The platinum engagement ring has an emerald-cut diamond at its centre and weighs five carats. It has an Art Deco design, and there are extra baguettes on the sides.
As for the crown, Camilla will be wearing a modified Queen Mary’s crown for her coronation as Queen Consort. The crown was commissioned by King George V’s Consort Queen Mary for her coronation as Queen Consort in 1911 and made by Garrard.
“The choice of Queen Mary’s crown by her majesty is the first time in recent history that an existing crown will be used for the coronation of a consort instead of a new commission being made, in the interests of sustainability and efficiency,” Buckingham Palace said in a statement on 23 February 2023.
The crown has a silver frame and is lined with gold. It is set with 2,200 diamonds. It originally featured the Koh-i-Noor, the historic gemstone considered one of the world’s largest and most expensive diamonds. But the diamond will not be part of the modified crown that Camilla will wear. Instead, her version of the crown will have Cullinan III, IV and V diamonds — all of which were part of Queen Elizabeth II’s personal collection.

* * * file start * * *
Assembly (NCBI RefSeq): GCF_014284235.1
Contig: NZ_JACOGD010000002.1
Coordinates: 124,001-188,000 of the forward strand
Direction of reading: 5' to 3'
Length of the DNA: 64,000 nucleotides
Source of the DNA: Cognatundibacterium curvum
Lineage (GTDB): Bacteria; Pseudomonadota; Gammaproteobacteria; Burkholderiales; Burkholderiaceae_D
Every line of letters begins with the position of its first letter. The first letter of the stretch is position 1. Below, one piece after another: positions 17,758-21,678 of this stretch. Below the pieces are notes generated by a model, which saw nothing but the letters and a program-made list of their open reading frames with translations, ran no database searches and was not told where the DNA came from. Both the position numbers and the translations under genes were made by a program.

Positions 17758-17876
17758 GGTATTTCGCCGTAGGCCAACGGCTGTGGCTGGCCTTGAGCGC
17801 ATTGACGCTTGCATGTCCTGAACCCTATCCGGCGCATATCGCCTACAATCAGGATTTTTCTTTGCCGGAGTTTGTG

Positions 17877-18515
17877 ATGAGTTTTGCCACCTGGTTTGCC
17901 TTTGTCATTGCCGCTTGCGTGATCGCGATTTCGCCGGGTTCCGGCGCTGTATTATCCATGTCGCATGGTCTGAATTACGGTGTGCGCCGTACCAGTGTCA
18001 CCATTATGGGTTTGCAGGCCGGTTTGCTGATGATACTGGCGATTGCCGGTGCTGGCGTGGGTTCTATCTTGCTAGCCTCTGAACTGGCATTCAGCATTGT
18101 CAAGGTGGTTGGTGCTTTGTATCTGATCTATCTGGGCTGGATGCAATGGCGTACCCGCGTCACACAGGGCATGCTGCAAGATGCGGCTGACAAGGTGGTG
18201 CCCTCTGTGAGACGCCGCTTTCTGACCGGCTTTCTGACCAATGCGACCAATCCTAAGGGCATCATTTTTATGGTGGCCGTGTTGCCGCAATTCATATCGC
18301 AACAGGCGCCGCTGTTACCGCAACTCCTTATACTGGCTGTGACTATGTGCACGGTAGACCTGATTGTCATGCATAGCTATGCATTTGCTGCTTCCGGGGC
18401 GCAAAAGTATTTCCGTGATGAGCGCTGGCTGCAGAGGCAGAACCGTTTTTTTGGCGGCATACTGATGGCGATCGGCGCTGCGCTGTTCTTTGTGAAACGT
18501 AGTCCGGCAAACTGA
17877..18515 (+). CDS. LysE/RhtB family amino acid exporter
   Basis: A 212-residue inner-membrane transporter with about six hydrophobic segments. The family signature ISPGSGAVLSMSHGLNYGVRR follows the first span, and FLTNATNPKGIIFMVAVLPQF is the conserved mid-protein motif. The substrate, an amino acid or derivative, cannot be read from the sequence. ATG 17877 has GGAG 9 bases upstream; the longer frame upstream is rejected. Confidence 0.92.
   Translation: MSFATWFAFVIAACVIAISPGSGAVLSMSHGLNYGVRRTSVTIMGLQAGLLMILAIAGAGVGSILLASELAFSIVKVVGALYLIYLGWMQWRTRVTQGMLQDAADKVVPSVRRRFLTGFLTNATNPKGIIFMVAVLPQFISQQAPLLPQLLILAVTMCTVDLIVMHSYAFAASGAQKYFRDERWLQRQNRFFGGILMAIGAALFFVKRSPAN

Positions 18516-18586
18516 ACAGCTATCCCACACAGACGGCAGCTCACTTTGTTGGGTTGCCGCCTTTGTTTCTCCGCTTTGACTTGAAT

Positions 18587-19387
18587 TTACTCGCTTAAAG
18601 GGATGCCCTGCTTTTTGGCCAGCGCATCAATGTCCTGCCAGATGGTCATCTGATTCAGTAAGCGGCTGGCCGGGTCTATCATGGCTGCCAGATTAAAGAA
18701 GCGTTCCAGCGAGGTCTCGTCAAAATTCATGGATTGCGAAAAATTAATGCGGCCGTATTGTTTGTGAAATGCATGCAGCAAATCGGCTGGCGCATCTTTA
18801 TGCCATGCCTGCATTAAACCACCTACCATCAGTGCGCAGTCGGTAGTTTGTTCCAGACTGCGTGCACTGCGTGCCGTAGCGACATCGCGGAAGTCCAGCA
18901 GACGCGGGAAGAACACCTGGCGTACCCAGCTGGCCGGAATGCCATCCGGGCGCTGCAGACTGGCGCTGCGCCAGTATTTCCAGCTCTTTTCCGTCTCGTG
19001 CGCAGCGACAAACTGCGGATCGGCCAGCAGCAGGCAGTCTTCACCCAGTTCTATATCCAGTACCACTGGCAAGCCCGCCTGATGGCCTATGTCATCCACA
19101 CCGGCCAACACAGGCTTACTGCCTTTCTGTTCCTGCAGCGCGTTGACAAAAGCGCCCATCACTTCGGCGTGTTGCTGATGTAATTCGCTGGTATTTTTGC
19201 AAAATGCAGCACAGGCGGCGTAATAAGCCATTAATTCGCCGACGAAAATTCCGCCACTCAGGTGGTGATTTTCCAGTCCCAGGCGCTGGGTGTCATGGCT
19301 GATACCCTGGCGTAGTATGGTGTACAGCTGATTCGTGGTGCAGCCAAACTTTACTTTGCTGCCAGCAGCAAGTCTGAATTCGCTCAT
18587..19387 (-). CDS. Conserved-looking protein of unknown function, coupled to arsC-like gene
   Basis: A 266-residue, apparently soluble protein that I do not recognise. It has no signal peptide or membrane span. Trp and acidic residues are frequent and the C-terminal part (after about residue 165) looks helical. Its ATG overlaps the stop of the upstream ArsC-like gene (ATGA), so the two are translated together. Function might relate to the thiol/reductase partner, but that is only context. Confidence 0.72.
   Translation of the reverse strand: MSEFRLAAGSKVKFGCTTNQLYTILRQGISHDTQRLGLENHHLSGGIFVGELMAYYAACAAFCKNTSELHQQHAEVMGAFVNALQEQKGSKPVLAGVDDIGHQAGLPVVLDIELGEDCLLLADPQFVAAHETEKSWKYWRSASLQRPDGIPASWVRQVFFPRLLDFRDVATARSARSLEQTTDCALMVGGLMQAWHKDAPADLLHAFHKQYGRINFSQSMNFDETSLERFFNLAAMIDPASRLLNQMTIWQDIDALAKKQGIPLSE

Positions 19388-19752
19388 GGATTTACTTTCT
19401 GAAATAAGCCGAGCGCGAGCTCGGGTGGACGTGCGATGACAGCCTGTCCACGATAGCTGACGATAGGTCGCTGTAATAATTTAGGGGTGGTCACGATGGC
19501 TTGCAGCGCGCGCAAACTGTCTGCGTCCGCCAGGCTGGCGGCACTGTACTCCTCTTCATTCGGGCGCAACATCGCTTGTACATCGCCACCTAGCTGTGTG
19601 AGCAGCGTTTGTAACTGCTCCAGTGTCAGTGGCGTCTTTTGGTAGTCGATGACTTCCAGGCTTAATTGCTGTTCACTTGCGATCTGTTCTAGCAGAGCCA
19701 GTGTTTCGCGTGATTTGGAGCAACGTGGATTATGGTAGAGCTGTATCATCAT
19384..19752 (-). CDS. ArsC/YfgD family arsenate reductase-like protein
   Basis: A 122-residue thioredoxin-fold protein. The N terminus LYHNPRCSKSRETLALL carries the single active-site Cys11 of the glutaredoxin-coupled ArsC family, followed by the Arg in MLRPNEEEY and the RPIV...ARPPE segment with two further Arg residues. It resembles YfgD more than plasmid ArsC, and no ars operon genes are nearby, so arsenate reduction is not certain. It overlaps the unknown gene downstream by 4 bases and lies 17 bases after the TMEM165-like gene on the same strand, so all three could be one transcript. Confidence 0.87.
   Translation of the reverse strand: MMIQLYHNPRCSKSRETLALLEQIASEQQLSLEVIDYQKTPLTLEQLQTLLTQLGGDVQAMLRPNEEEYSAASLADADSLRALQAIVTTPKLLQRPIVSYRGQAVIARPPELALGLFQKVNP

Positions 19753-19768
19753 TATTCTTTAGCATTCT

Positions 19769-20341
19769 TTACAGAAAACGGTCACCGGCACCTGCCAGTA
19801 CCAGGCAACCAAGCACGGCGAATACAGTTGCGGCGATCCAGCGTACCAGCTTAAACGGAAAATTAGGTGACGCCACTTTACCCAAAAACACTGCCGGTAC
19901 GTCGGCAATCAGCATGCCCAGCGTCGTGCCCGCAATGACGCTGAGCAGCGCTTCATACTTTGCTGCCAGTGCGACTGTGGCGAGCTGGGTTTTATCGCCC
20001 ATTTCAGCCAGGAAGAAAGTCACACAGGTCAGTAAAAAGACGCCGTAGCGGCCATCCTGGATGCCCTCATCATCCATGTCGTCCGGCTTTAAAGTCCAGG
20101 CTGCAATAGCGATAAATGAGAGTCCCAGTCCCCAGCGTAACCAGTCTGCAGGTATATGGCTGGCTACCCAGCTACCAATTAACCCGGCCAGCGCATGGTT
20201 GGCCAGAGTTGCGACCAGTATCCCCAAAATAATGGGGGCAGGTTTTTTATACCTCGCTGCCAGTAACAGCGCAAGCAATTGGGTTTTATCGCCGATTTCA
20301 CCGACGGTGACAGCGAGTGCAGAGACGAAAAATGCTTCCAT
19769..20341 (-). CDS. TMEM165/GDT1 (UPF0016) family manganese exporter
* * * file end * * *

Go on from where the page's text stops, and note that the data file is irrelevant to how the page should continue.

Even after her coronation, Camilla won’t be the “owner” of the crown jewels as these are held in a trust by the monarch on behalf of the nation and are passed down to the successor upon their accession.
Duchy of Cornwall
Under the British system, whosoever holds the title of Prince of Wales is the holder of the Duchy of Cornwall.
The Duchy officially describes itself as a “private estate which funds the public, charitable and private activities of the Prince of Wales and his family.”
It is one of the biggest landowners in all of England and Wales, with around 20 major properties, including the Oval cricket ground, the Isles of Scilly, flats in London, a third of the Dartmoor National Park, several farmlands, mansions such as Highgrove House, and even the coastline and riverbed around Cornwall.
It is the single biggest source of income of the Prince of Wales — a position that is now held by Prince William.
King Charles III was in control of the Duchy as Prince of Wales from the age of 21 until the time he ascended the throne. In 2021, when he was still in possession of it, he made a profit of USD 28 million from the Duchy.
Even though the Duchy does not directly contribute to her income, Camilla, too, has been a beneficiary of everything that it has yielded since 2005 when she married Charles.